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Recent 7700 squawk

Old 18th Mar 2019, 19:30
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Recent 7700 squawk

Just been watching this on FR24 and it looks to my untrained eye that it had problems. Descended then flew straight (autopilot?) for ages before descending again nowhere near an airport. It did seem to have some pitch control when it got close to the ground. I'm a complete amateur so I'm just hoping I'm not jumping to conclusions. https://www.flightradar24.com/DEPLD/1fd8293e
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Old 18th Mar 2019, 21:49
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Bad link

Sorry, its a duff link.
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Old 18th Mar 2019, 21:58
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Sorry, works for me, even after logging out of FR24.
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Old 18th Mar 2019, 22:46
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Look like emergency descend out of FL190, turned 90° off track soon after initiating the descend (aviate), wandered around a bit before regaining original track (navigate) and started the 7700 squawk (communicate)
With Limoges airport within range for diversion, however, climbed back to FL90 and continued to destination.
Pressurization issue jumps to mind.
Beats me why the 7700 is maintained, while things seem to stabilize and the normal flight (although lower cruise level) is resumed to destination (almost 1 hr. flight time)

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Old 26th Mar 2019, 08:25
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Originally Posted by DIBO View Post
Look like emergency descend out of FL190, turned 90° off track soon after initiating the descend (aviate), wandered around a bit before regaining original track (navigate) and started the 7700 squawk (communicate)
Wouldn't it have been sensible to squawk ASAP, instead of 'wandering around a bit' and putting other traffic at risk? This whole A/N/C axiom strikes me as archaic. I'm sure it was fine in the 1930s when there wasn't much else around.
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Old 26th Mar 2019, 14:05
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Originally Posted by El Bunto View Post
Wouldn't it have been sensible to squawk ASAP, instead of 'wandering around a bit' and putting other traffic at risk? This whole A/N/C axiom strikes me as archaic. I'm sure it was fine in the 1930s when there wasn't much else around.
Interesting view. So you think it is rather more important to set a squawk instead of first getting the airplane under control or finding out where you are and where you are going?
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Old 27th Mar 2019, 08:02
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Originally Posted by Denti View Post
Interesting view. So you think it is rather more important to set a squawk instead of first getting the airplane under control or finding out where you are and where you are going?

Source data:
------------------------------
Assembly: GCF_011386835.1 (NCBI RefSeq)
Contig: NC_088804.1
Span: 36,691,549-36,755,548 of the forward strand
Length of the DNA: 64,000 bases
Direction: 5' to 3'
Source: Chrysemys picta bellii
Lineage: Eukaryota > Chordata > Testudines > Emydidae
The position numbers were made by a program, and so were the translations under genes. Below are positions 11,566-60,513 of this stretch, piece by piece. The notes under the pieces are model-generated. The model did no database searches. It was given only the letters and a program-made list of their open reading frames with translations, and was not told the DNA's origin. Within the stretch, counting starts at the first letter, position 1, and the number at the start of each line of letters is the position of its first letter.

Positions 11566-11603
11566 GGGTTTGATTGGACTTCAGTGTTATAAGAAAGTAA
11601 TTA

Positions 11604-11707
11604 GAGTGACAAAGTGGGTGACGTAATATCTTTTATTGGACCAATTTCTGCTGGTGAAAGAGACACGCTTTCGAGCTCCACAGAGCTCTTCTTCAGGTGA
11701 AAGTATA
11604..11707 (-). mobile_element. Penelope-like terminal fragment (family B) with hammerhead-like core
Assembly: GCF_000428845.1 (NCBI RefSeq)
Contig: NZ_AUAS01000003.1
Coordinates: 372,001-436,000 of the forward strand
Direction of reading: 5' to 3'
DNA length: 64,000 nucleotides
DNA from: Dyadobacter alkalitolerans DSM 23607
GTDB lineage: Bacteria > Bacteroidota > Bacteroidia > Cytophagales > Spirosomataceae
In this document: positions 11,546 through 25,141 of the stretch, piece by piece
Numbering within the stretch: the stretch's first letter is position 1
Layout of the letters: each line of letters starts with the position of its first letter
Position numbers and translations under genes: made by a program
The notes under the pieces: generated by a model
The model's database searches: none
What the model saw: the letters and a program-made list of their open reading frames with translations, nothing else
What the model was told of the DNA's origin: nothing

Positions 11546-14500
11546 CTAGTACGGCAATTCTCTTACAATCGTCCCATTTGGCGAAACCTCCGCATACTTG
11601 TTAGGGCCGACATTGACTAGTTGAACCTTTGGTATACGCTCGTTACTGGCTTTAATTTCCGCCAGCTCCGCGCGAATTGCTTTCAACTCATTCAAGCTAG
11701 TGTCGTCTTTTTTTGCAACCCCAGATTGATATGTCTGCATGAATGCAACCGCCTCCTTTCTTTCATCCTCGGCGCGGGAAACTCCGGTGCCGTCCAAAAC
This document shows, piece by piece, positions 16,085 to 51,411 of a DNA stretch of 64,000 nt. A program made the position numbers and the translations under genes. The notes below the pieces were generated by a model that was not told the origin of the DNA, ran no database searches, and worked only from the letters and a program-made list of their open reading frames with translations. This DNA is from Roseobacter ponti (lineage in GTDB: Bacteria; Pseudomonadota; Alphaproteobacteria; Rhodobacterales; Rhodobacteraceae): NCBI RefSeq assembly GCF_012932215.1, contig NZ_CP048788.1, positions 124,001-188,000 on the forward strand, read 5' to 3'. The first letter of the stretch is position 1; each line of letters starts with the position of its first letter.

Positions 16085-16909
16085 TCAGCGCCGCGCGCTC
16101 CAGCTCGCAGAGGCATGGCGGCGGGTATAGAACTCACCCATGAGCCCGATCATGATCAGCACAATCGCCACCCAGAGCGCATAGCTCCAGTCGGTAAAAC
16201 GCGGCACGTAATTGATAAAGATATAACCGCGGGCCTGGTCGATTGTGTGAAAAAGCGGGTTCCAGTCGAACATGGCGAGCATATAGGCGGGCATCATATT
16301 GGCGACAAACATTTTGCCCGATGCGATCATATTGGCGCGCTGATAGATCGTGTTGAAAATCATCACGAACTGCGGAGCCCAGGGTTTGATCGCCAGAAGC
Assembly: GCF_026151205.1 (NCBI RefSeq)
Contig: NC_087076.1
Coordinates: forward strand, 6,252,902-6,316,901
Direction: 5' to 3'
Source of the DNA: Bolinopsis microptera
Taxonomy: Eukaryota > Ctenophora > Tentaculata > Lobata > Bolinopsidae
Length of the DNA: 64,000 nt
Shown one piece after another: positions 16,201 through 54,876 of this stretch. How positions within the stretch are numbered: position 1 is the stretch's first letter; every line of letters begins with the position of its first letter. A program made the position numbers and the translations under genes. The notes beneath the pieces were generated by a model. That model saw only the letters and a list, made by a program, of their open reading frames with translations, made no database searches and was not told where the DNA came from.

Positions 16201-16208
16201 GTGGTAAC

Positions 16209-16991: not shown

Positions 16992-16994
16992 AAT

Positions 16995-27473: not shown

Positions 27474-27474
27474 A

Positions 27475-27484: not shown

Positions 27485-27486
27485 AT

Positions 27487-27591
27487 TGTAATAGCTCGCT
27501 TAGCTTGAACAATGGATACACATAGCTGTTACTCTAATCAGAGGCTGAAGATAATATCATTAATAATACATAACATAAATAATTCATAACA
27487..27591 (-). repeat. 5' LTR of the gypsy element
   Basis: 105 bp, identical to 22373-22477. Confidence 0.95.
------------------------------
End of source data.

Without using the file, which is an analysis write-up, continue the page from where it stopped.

How many pilot(s) does it take to operate an aircraft and how many pilot(s) does it take to operate a radio and twiddle a few buttons on a transponder?
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Old 27th Mar 2019, 08:33
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Originally Posted by El Bunto View Post
Wouldn't it have been sensible to squawk ASAP, instead of 'wandering around a bit' and putting other traffic at risk? This whole A/N/C axiom strikes me as archaic. I'm sure it was fine in the 1930s when there wasn't much else around.
Where do you draw the line?

If you can get a squawk in quickly to let ATC know then you may as well make a quick radio call to let the controllers know what for. And if you can do that you can make a quick PA to let the passengers know. And if you can do tha- oh look, you’ve passed out due to hypoxia/hit a mountain because you weren’t paying attention to the bigger picture.

Mountains, stalls, depressurisations will kill you. Setting off someone else’s TCAS is a minor inconvenience which can be solved with a bit of paperwork.

ANC (or FNC depending on what you fly) is easy to remember, easy to do, and works for every situation. Which is why it’s taught. Start going off piste and making judgement calls as to whether the C is more important when you’re at 200 feet following an EFATO and you’ll start bending aircraft...

You may also find sims get a bit more difficult if you decide you don’t agree with ANC
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Old 27th Mar 2019, 17:38
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Originally Posted by Harry Wayfarers View Post
How many pilot(s) does it take to operate an aircraft and how many pilot(s) does it take to operate a radio and twiddle a few buttons on a transponder?
Well, in this case there was only one pilot most likely, that type of aircraft is not usually flown by more at a time.

That said, yes, in many cases it needs two pilots to work through ANC, and yes, communication is the last needed thing. That is precisely why we have our colleagues on the ground to assure safe operation of those around us. And they do have their own tools to help them of course, as we do have tools to help, or as it happened recently, kill us.
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